Elite and NCAA Gymnast Training Updates—Part 20


Full Twist contributor Anna Rose Johnson recently caught up with some elite, Level 10, and NCAA gymnasts to discuss their training, future goals, and more.

Natasha Coates, Anika Dujakovich, Lia Jacobson, Abby Kaufman, Shayla Kelley, Kristina and Maryanna Peterson, Connie Hsu, Lynne Hutchison, Alexis Stokes, and Annika Urvikko provided us with thoughtful insights into their training.


Natasha Coates is a British senior artistic gymnast who competes in the disability division. The eight-time British champion recently had a setback in her gymnastics training when she was hospitalized, but she is already on the mend. “I’m really lucky to have such an amazing support system behind me and my coaches; Ema Doherty and Sally Stuart always help me improve whilst keeping my health a priority,” Natasha told Full Twist.

Natasha noted that her “long-term goal is to compete at the British Championships in September.”

When asked if she was working on any new skills, she explained, “I was, but I have mainly been focusing on limiting my deductions on basic skills before starting to learn new skills.”

Natasha shared some great advice for the Full Twist readers: “Be brave, stay focused and work hard, let your talent speak for itself.”



Anika Dujakovich is a U.S. Level 10 gymnast from Fuzion Gymnastics Center in Missouri. At the 2015 State Championships in March, Anika won the silver medal on vault with a score of 9.600, and she is currently recovering from an ACL injury sustained at that competition. “[My recovery is going] very well—I had surgery [five] weeks ago and it was difficult to get started with my rehab, but after therapy started it has been easier,” Anika told Full Twist. “I have great therapists that are tuned into what gymnasts need to get me back on track.”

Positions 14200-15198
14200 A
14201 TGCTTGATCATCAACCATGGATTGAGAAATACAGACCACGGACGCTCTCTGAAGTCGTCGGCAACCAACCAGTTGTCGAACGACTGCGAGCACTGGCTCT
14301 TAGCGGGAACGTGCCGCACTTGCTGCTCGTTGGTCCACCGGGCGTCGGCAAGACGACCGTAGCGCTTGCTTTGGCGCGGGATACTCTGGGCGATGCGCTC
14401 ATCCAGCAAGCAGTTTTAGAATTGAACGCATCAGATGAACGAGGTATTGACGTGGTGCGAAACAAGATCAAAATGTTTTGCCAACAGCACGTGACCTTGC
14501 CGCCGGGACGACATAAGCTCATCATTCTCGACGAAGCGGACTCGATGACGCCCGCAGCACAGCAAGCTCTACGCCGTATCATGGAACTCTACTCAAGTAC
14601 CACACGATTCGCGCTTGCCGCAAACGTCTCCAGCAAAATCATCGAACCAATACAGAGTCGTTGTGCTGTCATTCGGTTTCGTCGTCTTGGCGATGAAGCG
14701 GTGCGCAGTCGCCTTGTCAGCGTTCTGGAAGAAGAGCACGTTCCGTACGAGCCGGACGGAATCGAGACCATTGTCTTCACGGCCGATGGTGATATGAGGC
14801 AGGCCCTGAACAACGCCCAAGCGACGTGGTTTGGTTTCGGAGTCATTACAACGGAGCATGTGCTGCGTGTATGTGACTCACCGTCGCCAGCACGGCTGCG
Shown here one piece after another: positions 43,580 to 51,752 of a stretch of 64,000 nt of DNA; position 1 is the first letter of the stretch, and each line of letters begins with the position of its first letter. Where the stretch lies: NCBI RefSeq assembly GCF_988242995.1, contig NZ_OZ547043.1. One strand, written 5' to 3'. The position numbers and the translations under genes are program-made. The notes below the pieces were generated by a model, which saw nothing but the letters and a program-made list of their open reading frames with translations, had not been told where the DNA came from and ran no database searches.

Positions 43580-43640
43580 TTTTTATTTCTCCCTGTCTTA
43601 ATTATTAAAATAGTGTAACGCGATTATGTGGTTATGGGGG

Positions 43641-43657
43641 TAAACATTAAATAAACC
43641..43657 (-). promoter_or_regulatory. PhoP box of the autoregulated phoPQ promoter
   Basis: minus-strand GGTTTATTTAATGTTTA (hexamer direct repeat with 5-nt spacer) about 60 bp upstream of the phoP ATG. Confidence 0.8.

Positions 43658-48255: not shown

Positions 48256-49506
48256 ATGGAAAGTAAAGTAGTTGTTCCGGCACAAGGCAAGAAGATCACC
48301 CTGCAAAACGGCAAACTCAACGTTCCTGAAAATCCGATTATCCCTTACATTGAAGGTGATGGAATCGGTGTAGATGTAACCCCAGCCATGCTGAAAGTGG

Anika explained that she should be able to train full speed toward the end of this year. “I’m planning on competing in 2016,” she told us. “I did a lot of rehab before I had surgery and I think that’s going to help with my training in the next few months.”

The 16-year-old noted, “I won’t be competing elite,” but she has several goals for the future. “[My] short-term goal would be getting back into the gym and training with my teammates, and my long term goal remains to compete gymnastics for a Division I school beginning with the 2017-2018 season,” said Anika.

She added, “Never give up, and don’t let anything stand in the way of your dreams. Work through adversity. Keep training hard, stay focused, and no matter how hard it is now, it will pay off in the end.”




Lynne Hutchison is a rhythmic gymnast from Great Britain. She was a member of the British team at the 2012 London Olympic Games, where she helped her team to 12th place in qualifications. “Training has been going really well recently,” Lynne told Full Twist. “Last year was hard as I had just returned from a long time out due to injury. This year it’s been good to be able to train hard with less limitations and I feel I’ve really improved!”